Search Images Maps Play YouTube News Gmail Drive More »
Sign in
Screen reader users: click this link for accessible mode. Accessible mode has the same essential features but works better with your reader.

Patents

  1. Advanced Patent Search
Publication numberUS2825038 A
Publication typeGrant
Publication dateFeb 25, 1958
Filing dateNov 7, 1956
Priority dateNov 7, 1956
Publication numberUS 2825038 A, US 2825038A, US-A-2825038, US2825038 A, US2825038A
InventorsWoofter Robert C
Original AssigneeGen Motors Corp
Export CitationBiBTeX, EndNote, RefMan
External Links: USPTO, USPTO Assignment, Espacenet
Lamp socket with printed circuit mounting
US 2825038 A
Images(2)
Previous page
Next page
Description  (OCR text may contain errors)

Feb. 25, 1958 R. WOOFTER 82 ,0 8

LAMP SOCKET WITH PRINTED CIRCUIT MOUNTING 7 Filed Nov. '7. 1956 2 Sheets-Sheet l I 4s 2s I I 5 h! u n I) I as INVENTOR. Robert 6. Woof/er His A f/orney Feb. 25, 1958 R. c. WOOFTER 2,825,038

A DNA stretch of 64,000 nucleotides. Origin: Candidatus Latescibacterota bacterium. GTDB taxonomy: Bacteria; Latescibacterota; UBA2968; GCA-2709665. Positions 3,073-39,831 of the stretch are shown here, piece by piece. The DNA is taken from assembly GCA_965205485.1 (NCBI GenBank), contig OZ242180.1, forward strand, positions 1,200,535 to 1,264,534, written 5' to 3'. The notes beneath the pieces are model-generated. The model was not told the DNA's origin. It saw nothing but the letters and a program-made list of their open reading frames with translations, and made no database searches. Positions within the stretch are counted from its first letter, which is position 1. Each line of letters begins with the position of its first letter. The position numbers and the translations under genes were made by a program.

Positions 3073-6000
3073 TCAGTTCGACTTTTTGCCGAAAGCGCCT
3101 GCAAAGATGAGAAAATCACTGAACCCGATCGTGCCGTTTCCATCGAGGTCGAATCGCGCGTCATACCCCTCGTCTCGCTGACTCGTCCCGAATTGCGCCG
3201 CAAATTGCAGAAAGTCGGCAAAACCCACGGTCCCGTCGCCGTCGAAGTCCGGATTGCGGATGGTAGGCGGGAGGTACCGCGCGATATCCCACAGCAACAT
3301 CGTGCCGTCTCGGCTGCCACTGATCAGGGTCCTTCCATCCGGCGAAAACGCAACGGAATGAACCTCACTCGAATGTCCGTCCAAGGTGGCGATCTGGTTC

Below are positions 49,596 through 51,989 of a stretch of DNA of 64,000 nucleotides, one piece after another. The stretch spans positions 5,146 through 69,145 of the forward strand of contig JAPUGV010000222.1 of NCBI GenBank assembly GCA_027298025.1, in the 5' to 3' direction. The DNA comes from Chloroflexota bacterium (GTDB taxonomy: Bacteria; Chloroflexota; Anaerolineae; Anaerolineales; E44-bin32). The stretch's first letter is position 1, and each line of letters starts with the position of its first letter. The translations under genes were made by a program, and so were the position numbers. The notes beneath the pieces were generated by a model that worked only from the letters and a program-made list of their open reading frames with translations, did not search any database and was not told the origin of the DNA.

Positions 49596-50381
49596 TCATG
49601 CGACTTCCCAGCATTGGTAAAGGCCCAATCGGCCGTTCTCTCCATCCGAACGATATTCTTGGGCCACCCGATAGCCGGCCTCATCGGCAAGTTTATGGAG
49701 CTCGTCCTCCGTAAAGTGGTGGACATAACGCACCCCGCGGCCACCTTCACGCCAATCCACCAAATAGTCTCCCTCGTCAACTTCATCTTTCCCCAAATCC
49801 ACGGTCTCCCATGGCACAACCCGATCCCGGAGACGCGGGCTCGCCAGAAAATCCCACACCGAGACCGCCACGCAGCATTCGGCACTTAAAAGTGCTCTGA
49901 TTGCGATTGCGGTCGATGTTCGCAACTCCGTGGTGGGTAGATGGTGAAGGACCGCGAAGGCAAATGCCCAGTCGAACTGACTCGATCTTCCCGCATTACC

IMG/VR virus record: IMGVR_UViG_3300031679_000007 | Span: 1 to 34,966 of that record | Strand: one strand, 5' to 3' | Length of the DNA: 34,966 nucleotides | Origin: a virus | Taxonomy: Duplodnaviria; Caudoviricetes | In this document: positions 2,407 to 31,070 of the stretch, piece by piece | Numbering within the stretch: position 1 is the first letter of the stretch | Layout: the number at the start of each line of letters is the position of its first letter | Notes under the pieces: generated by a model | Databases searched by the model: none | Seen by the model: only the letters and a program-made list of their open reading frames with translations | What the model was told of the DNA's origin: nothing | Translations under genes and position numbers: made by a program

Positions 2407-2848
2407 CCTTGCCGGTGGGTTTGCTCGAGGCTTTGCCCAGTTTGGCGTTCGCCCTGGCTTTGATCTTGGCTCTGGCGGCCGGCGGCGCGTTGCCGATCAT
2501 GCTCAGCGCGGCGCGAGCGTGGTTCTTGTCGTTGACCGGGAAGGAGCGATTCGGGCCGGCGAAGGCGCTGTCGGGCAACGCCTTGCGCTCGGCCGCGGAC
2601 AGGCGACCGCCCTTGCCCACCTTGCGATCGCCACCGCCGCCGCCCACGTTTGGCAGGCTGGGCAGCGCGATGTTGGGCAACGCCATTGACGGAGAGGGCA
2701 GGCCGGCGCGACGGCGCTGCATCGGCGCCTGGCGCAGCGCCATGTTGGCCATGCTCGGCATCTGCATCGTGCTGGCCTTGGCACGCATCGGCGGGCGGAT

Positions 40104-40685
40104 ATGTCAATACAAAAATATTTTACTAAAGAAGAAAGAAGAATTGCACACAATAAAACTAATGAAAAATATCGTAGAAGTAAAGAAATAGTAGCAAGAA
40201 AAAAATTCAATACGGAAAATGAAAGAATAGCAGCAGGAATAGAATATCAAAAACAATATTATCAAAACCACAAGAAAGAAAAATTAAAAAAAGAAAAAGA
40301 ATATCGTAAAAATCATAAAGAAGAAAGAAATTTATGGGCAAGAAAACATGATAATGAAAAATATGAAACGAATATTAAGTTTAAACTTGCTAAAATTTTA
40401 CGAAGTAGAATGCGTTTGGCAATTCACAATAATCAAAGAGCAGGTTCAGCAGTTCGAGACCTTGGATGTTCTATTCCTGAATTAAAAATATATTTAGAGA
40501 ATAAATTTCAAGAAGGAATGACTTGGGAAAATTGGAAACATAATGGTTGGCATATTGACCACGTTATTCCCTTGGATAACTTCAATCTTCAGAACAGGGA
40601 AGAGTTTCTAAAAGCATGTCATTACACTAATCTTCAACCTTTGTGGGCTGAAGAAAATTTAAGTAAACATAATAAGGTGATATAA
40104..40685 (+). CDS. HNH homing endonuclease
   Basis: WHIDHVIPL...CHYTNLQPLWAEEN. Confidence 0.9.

LAMP SOCKET WITH PRINTED CIRCUIT MOUNTING Filed Nov. 7, 1956 2 Sheets-Sheet 2 1 INVENTOR. Robert 6. Wooffer H/ls Alla/nay United States Patent LAMP SOCKET WITH PRINTED CIRCUIT MOUNTING Robert C. Woofter, Cortland, Ohio, assignor to General Motors Corporation, Detroit, Mich., a corporation of Delaware Application November 7, 1956, Serial No. 620,890

13 Claims. (Cl. 339*17) This invention relates to a lamp socket adapted for use with printed circuits, and particularly to a lamp socket to be inserted in an opening in a panel containing a printed circuit, the panel being used for the instrument cluster on a motor vehicle, for example, serving to support light bulbs that illuminate various instruments, such as ammeters, pressure gauges of various sorts and other indicating devices.